Nickelodeon Reboots Several TV Series’
Wow, just wow. I’ll tell you. About seventeen hours ago I heard the news. The Rugrats, in my opinion, the single greatest TV show in history (I was born in 1991, so I have a bias) is returning.
I’m never completely sold on reboots, but Roseanne reportedly had a great run until she Tweeted her way out of the showbiz, so I’m curious to see what’s in store for the Rugrats.
Growing up, I watched the show religiously, literally until it left Nickelodeon. The show was canceled in 2004, but for several years appeared in reruns before driving off into the sunset. But until then, each day I tuned in. I may’ve seen each episode one hundred times, but it doesn’t matter.
Second Nickelodeon reboots the series and runs a marathon of the original series, I’m ordering my annual fast-food meal (or about ten of them), sitting in front of the TV, and binge watching each season. This is coming from a guy who exercises twice a day and rarely watches TV.
But anyway, per the title of this post, the 1990’s will never die. Usually, I’d put this fun post under my opinion category, but there’s factual evidence as to why Nickelodeon is rebooting not only Rugrats, but Clarissa Explains it All and Double Dare have also been given the greenlight, Double Dare premiering just this past month.
Yet, I started sensing things a few years back since Nickelodeon gave Hey Arnold! the greenlight to produce a series finale, The Jungle Movie. As for the Rugrats, a reboot had been rumored as early as 2012, so I decided to do a little bit of digging.
I started with a simple Wikipedia search just to see what was coming back, which is where I found Double Dare and Clarissa Explains it All. Yet, Rocko’s Modern Life and Invader Zim are also in production for future movies, which raised my hypothesis: Nickelodeon is struggling, and if you remember that National Geographic Show, the 1990’s, it was called ‘Our Last Great Decade?’ for a reason.
The 1990’s: Our Last Great Decade?
Without bias, or any strings attached, I believe the 1990’s was the last great decade. Let’s face it, we rarely see anything mentioned from the 2000’s, and so far, the 2010’s have flopped. Anything that happens to be mentioned in the 2000’s typically originated in the 1990’s.
Now, the 1990’s weren’t the only great decade. To this day, we see several 1980’s flicks are referred to in film, television, and books. The 1950’s saw a revival in the 1970’s and 80’s, with shows like Happy Days and Laverne & Shirley, among others. Other great decades America saw took place in the 1920’s (the Jazz Age), and post-war 1940’s (Start of the Baby Boom).
Are the 2000’s and 2010’s doomed?
I doubt it. Several family and friends who either grew up in or were teens in the 80’s never realized how great the decade was until later on, usually when the 2000’s rolled around. And let’s be honest: To this day, is there any era of music still at the height of its popularity than the 80’s?
Maybe not, but we all know bands and songs from that decade.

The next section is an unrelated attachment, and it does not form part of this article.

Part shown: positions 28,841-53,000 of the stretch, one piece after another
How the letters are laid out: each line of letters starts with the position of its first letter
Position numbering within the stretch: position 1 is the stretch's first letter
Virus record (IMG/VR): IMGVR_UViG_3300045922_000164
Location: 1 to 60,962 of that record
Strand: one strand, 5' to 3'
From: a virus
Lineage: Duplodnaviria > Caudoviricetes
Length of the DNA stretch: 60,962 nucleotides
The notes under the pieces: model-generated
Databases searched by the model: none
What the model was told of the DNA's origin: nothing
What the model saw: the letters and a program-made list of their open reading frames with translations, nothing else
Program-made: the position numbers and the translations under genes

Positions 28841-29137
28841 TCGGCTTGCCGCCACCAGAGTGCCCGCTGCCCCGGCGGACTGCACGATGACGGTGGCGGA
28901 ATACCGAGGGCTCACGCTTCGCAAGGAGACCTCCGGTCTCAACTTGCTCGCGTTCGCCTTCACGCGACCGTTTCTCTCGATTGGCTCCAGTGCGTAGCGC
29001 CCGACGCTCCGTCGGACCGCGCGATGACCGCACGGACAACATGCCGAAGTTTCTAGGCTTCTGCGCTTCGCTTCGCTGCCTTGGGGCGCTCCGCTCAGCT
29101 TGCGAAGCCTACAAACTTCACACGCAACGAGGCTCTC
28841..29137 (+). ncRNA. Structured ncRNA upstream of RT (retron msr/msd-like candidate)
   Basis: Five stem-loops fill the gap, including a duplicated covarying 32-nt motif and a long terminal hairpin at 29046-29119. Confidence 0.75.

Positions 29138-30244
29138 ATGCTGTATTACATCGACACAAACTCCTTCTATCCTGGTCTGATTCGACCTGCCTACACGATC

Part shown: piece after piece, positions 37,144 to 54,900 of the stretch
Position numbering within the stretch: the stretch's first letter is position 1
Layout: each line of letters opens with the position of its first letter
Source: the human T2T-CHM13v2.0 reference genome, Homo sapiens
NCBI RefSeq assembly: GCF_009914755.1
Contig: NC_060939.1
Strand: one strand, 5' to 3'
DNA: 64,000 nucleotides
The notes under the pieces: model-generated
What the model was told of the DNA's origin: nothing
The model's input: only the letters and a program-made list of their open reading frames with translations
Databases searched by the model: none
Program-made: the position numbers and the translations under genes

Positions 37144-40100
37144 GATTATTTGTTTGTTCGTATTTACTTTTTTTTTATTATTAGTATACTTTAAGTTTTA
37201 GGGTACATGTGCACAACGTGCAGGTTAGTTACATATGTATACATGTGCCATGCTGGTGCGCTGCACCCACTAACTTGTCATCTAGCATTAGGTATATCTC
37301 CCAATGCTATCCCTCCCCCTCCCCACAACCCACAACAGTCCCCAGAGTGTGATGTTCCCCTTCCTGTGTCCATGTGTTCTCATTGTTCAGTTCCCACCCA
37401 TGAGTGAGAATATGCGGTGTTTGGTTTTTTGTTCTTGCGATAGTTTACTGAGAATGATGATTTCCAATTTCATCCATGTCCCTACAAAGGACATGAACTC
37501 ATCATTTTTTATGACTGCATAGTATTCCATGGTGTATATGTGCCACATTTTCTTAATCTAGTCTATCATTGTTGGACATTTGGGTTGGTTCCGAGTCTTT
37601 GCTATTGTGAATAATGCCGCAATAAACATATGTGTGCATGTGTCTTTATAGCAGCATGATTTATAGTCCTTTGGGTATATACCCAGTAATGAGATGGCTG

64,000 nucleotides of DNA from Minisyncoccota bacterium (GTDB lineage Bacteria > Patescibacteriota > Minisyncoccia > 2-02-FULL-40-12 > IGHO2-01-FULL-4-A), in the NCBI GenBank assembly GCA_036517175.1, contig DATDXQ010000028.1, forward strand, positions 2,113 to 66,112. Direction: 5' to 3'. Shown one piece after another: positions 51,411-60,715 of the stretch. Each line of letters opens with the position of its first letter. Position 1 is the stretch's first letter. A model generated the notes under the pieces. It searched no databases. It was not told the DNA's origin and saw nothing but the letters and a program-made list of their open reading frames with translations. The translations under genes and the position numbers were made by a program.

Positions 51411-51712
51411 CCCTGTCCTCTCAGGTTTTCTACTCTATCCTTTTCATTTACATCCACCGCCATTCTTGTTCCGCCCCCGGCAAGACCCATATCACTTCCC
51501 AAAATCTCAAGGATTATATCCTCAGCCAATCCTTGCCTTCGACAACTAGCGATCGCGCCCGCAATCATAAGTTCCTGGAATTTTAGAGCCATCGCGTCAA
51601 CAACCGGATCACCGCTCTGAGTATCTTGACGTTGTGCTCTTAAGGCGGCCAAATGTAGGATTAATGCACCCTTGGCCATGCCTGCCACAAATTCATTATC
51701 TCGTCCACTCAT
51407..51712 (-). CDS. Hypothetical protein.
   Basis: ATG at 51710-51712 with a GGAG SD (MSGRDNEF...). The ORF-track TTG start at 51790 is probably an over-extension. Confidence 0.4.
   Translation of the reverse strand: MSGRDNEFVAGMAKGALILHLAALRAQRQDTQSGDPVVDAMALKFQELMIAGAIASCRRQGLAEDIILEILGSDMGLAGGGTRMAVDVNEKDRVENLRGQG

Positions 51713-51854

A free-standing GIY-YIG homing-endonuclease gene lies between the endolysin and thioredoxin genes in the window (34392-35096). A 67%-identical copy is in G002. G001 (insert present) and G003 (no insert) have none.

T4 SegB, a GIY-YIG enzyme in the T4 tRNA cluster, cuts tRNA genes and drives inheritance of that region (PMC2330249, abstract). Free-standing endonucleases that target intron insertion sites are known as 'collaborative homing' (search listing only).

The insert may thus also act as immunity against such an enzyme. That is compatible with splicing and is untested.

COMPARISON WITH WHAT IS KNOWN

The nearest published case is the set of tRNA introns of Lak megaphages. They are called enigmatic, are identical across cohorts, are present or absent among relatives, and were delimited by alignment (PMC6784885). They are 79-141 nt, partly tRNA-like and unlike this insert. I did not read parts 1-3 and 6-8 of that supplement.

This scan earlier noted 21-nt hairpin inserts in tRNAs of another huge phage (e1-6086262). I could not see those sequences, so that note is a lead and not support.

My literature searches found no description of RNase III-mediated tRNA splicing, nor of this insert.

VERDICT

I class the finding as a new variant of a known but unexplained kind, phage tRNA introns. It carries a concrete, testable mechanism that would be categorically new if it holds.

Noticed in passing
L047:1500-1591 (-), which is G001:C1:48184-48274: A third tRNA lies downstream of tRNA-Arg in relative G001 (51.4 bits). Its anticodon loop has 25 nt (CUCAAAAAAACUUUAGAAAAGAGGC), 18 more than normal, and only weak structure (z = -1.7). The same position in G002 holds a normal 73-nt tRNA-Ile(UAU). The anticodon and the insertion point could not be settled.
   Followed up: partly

Nickelodeon’s Current Conundrum
As I mentioned earlier, I had a hunch Nick was hurting for ratings.
Why else are they bringing back old shows, especially from its 1990’s Golden Era?
So, I conducted a bit of research to see just how bad Nick was hurting.
As of May 1st, Cartoonbrew.com reported ratings from Nick, Disney, and Cartoon Network are in a free fall, and an unstoppable one at that.
And freefall they’re in: https://www.cartoonbrew.com/business/nickelodeon-disney-channel-and-cartoon-network-ratings-are-in-free-fall-158139.html.
Per the table at the above link, Nick’s viewership has dominated the other two networks, yet at the same time, has lost roughly half its viewers.
While the article points its finger at Netflix, and it can certainly be the case, we all know it comes down to a product. Who has the greatest product at the most convenient price?
It’s why Amazon dominates retail.
You order the product, can get free shipping via prime, push a button, and the product’s at your doorstep. And it’s usually for the best price, too, when competing with other retailers.
While Netflix and Hulu both own live streaming and makes it convenient to do so, even YouTube Red’s subscription services are having a rough time competing.
But once again, it’s all about who delivers the best product.
Sure, convenience is a factor, but let’s be honest, if Hulu and Netflix started streaming poor shows, had connection errors, and forced viewers into watching longer commercials (I believe a version of Hulu already does this), people aren’t subscribing.
It’s the entertainment business, and people want to be entertained. People want to watch shows that will make them feel good and make them forget about life. Television, especially kids’ television, isn’t offering such a product.
However, with Nick taking a stab not only at expanding their own streaming services, but providing exclusive access to some revived TV shows, knowing many who viewed these shows as kids are now young parents to young children, might just have a golden opportunity to steal some of the market.
I’m no expert at the TV market, but it’s really cool to see such competition in action. But, I’ll always side with what I loved, and I’d love to see Nick own these other streaming outlets.
If Nick can pull this off, look for other networks, beyond kids’ television, to reach into their archives and start pulling out modern-day classics. If so, it’ll raise more credibility to my claim that the 1990’s will never die.
I’d like to thank all of my readers for coming across My Freedom Flame, please come back soon.